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Nov2WedSalvation Army junior members show their support for the children of Attawapiskat and Fort McMurray. November 2, 2016 by Ken Ramstead
What can we do? Alex Stoney thought to himself. Alex, the children and youth ministry co-ordinator for The Salvation Army's Upper Skeena Circuit in northern British Columbia, was troubled. He knew his young Salvation Army members—called junior soldiers by the organization—were aware of the awful news coming out of the northern Ontario community of Attawapiskat in April, where an alarming number of young native Canadians had attempted suicide, and felt as if they were helpless bystanders.
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- Faith & Friends
“Someone from Attawapiskat posted a notice on Facebook mentioning how the kids there needed to know that people were thinking about them, so I mentioned it to my young students,” recalls Alex.
At the next Wednesday afternoon junior soldier class, Alex suggested to his students that they send letters of encouragement.
“They were totally enthused with the idea,” smiles Alex. “We created a template so the kids could fill in the blanks but they also included some jokes to make them smile.
“And their gesture no doubt meant more coming from kids such as ours with First Nations backgrounds.”
The letters were a great start but the next week, Alex's junior soldiers made friendship bracelets, which were sent via Canada Post to the Attawapiskat band office.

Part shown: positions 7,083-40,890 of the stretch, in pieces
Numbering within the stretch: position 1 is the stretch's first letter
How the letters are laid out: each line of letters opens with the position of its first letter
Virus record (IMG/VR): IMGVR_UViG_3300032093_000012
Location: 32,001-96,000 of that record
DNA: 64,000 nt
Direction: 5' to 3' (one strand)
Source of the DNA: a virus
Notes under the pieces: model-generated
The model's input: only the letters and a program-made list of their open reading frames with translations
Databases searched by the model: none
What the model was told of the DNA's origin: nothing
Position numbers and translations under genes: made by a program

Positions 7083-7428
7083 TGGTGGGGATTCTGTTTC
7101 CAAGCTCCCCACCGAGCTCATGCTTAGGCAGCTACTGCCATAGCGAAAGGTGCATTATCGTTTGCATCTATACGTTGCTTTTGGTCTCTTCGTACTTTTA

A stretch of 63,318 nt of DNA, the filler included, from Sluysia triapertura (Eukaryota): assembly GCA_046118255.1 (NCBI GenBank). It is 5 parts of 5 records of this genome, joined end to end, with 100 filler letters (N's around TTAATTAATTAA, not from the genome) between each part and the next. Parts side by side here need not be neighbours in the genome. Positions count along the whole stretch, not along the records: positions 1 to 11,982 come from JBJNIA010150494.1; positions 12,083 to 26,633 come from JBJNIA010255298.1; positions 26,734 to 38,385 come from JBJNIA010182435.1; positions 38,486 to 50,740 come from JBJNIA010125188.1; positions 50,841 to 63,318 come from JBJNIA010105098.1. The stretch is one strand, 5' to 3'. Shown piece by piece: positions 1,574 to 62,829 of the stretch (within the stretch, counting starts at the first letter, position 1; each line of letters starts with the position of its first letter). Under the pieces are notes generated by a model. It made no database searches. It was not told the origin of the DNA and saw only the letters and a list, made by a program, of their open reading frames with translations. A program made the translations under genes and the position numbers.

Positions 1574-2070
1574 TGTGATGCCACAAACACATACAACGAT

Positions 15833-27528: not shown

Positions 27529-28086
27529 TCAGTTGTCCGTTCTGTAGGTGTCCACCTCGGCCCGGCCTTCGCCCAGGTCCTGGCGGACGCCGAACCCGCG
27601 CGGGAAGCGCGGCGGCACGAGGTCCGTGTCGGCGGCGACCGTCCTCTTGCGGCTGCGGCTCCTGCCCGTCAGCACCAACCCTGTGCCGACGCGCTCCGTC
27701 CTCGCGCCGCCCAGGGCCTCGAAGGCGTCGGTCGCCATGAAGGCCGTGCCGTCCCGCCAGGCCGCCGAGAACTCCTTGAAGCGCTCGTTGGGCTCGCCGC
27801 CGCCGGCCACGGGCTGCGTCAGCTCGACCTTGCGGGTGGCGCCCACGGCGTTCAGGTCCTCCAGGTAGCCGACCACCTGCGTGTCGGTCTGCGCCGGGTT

“I was upset when I heard the news,” says nine-year-old Sarah Swift. “I hope that the letters and bracelets will make the children of Attawapiskat feel better about themselves, knowing we care.”
Making a Difference
The junior soldiers were not content with that one gesture of hope.
A couple of weeks later in May, the class heard about the Fort McMurray wildfires that destroyed hundreds of homes in Alberta. On their own initiative, they decided to raise money for the people of the devastated community by having a pastry sale. They managed to raise $1,088.
“This was no small feat for a community of 5,000,” says Alex.
“With our parents' help, we filled the tarts, but they put them in the oven,” Sarah says. “It made us feel good to know that we were helping out.”
“All of the donations went into a little container that I helped decorate,” adds seven-year-old Sophie McKenzie-Williams.
“It was a great example of people banding together for a worthy cause,” says Alex. “We hope and pray that this will make a difference.”